Connect with a Woman to Woman mentor

Connect with a trained peer mentor who knows what it’s like to navigate gynecologic cancer and wants to be there for someone newly diagnosed, facing recurrence, managing completion of therapy and off-treatment concerns, or  fears of living with ovarian cancer in the COVID-19 times. Request a mentor match.

Woman to Woman is generously supported in part by grants from Gail Baird Foundation and Genentech.

Read messages of hope from our Woman to Woman mentors

We asked our Woman to Woman mentors to share messages of hope, along with their strategies for coping with these uncertain times. See what they have to say.

Cáncer y la vacuna de COVID-19

In April 2021, Dana-Farber Cancer Institute hosted a Spanish-language forum to talk about the COVID-19 vaccine. In this YouTube video of the forum, you can hear from three patients about their reasons for getting vaccinated, and view a Q&A with two Spanish-speaking clinicians.

Our partner Inspire surveyed tens of thousands of people about their vaccine experiences. 

We invite you to contribute to a broader understanding of vaccine perceptions, symptoms, and access in the ovarian cancer community by taking the survey & exploring the results through Inspire’s interactive dashboard.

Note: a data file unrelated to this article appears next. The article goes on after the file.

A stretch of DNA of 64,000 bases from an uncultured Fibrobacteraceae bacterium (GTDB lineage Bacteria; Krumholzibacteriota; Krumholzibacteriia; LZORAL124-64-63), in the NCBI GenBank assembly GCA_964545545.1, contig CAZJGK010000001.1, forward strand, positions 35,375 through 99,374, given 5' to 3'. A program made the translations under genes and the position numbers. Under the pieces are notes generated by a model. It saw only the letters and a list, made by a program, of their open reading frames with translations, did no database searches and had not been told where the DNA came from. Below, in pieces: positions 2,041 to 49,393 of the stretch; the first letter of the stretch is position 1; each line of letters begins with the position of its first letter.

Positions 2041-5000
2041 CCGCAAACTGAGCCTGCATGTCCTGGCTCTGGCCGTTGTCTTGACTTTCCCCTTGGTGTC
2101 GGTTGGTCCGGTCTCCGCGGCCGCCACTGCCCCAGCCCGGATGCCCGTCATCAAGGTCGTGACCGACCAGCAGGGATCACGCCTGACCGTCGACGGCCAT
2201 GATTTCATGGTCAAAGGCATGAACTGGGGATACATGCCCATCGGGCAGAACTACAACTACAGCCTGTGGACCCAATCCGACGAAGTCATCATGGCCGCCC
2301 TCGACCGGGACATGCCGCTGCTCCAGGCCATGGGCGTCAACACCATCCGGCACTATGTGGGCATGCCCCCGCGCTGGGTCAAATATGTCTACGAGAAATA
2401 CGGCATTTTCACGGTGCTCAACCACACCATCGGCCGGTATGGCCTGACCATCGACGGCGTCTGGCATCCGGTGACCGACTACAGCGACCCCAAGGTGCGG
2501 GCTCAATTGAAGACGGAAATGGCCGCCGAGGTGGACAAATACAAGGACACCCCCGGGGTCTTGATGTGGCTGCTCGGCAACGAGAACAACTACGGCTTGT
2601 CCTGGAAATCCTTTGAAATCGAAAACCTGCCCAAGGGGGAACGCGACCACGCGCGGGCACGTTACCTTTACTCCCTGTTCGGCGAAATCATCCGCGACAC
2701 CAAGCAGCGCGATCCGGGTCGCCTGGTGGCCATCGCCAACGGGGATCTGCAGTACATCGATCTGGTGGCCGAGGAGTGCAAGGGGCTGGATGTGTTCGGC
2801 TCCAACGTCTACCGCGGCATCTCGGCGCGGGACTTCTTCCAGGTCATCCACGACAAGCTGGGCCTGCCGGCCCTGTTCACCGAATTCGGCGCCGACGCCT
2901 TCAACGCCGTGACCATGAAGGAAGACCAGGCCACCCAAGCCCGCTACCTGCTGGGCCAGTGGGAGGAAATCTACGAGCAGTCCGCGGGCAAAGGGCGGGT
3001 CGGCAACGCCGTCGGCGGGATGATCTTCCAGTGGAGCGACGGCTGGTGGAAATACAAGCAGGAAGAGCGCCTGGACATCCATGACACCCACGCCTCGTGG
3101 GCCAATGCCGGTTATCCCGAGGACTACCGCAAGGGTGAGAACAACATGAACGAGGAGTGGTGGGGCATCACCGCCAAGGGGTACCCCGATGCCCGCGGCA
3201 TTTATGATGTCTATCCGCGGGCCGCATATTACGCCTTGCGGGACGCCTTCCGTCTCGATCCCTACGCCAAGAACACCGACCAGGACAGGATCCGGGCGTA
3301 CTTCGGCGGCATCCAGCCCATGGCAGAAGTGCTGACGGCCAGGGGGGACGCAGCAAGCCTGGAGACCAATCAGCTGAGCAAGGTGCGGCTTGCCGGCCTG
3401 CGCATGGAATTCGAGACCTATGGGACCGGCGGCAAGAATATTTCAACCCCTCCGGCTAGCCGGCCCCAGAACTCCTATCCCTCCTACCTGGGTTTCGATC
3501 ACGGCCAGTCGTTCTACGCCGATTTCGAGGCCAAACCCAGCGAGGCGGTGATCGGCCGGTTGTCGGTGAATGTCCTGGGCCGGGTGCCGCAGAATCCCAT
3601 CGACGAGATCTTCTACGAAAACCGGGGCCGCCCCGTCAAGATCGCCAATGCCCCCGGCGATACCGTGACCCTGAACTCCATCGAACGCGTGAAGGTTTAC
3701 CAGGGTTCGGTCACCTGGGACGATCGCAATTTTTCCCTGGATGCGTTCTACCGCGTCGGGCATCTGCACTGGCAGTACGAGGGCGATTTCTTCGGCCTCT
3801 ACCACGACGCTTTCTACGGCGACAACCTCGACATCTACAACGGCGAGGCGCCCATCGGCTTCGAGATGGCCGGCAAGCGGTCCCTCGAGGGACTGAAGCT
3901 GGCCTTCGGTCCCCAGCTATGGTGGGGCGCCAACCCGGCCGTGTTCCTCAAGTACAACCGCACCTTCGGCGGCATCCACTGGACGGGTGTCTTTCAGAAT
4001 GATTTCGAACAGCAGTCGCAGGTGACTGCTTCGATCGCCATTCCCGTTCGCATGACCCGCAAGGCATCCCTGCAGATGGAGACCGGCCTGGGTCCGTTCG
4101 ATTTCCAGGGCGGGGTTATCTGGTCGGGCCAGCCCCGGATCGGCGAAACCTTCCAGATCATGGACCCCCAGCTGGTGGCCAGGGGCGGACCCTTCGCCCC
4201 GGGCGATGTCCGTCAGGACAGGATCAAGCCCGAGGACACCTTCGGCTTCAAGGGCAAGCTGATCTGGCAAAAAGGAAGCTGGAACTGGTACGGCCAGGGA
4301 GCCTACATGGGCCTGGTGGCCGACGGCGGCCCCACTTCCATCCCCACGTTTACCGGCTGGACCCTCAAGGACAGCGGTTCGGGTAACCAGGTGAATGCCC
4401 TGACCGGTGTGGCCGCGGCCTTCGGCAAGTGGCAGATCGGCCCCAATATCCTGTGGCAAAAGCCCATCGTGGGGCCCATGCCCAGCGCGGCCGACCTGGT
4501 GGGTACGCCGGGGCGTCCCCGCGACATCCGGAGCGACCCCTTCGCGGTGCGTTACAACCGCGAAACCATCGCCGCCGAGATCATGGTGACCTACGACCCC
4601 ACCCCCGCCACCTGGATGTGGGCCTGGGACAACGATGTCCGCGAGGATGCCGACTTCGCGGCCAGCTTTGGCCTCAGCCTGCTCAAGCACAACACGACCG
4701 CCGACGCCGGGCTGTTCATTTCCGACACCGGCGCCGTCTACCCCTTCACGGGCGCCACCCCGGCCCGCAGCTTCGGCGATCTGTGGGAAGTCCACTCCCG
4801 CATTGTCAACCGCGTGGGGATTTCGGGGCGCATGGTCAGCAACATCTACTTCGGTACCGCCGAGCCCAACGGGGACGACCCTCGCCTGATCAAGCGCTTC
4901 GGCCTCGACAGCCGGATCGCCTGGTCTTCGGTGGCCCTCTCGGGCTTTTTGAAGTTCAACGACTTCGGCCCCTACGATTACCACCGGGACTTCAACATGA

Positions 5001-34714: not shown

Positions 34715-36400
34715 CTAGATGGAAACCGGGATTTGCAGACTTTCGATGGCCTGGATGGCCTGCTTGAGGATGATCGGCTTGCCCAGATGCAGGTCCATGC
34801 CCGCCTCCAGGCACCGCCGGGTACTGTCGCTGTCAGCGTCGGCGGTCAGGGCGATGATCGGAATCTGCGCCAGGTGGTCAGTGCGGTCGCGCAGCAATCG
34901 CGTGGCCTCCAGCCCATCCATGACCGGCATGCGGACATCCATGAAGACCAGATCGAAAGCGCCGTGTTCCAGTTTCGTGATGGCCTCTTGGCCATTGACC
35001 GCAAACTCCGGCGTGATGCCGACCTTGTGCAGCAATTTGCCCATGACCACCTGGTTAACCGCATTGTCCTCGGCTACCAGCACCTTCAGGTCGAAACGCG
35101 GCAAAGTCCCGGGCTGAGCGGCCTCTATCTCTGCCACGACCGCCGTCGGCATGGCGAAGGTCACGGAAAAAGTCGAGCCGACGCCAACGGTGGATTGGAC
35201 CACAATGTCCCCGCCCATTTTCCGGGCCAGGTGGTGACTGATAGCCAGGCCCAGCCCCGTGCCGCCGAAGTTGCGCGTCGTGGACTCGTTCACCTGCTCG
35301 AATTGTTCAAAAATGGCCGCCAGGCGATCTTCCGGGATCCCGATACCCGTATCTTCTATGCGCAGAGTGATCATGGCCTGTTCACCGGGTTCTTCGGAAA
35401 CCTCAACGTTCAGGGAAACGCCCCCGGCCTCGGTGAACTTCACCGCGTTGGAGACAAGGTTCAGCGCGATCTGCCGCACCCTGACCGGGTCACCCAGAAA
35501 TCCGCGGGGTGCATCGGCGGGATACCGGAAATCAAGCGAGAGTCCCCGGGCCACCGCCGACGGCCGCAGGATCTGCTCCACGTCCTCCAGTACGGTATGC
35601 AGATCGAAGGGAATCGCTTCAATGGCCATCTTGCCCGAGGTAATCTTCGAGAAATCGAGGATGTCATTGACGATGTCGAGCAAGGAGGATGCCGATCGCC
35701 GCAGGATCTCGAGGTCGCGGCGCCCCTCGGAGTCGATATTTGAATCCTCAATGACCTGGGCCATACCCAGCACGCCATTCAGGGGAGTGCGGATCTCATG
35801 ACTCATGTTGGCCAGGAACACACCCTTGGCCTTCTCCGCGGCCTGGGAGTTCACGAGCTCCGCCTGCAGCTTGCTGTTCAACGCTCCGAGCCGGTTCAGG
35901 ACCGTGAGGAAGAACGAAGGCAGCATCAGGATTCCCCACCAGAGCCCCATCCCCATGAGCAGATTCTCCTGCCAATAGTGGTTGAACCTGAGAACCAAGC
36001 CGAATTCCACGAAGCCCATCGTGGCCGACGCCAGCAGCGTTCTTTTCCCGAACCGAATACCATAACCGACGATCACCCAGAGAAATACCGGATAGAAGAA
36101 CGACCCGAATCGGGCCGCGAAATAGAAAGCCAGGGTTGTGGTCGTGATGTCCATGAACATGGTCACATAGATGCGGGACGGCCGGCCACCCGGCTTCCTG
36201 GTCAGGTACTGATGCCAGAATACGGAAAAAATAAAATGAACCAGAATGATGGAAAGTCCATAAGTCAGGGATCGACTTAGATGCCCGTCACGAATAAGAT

OCRA’s work continues

Researchers gathered for photo in research lab

Dr. Beth Karlan, Chair of OCRA’s Scientific Advisory Committee in March 2020, stated in an email, “While the COVID-19 global pandemic is on everyone’s mind, our patients real battle against ovarian cancer remains their most pressing concern. So we press on.”

And we are pressing on. Our mission has not faltered in the slightest. Our programs and advocacy efforts continue, and research moves forward. Please feel secure in knowing that no matter what, this will not change. What may change, however, are some of the details surrounding our events, and how our programs may be run.

Program and Event Updates

Catch up on where we are with the “Uniting for Hope” National Conference scheduled for July, plus other upcoming events, the latest news, and how you can get support in these challenging times, in a special message from our Audra Moran, OCRA’s President & CEO.

Sign up for our newsletter to get the latest updates.

Ovarian Cycle fitness events raise funds through livestream workouts

Ovarian Cycle, our signature indoor cycling series with events across the country, have ditched the spin bikes and embraced home workouts to empower the ovarian cancer community. Ovarian Cycle Atlanta, held on April 19, raised $40,000 for research, advocacy and programs to support survivors.

Survivors Teaching Students moves to virtual learning

What happens when medical classrooms are empty as classes move online? Survivors Teaching Students® (STS) moves with them. Our 900 survivor and caregiver volunteers continue to share their experiences to help the next generation of healthcare providers better understand ovarian cancer by crossing the digital divide.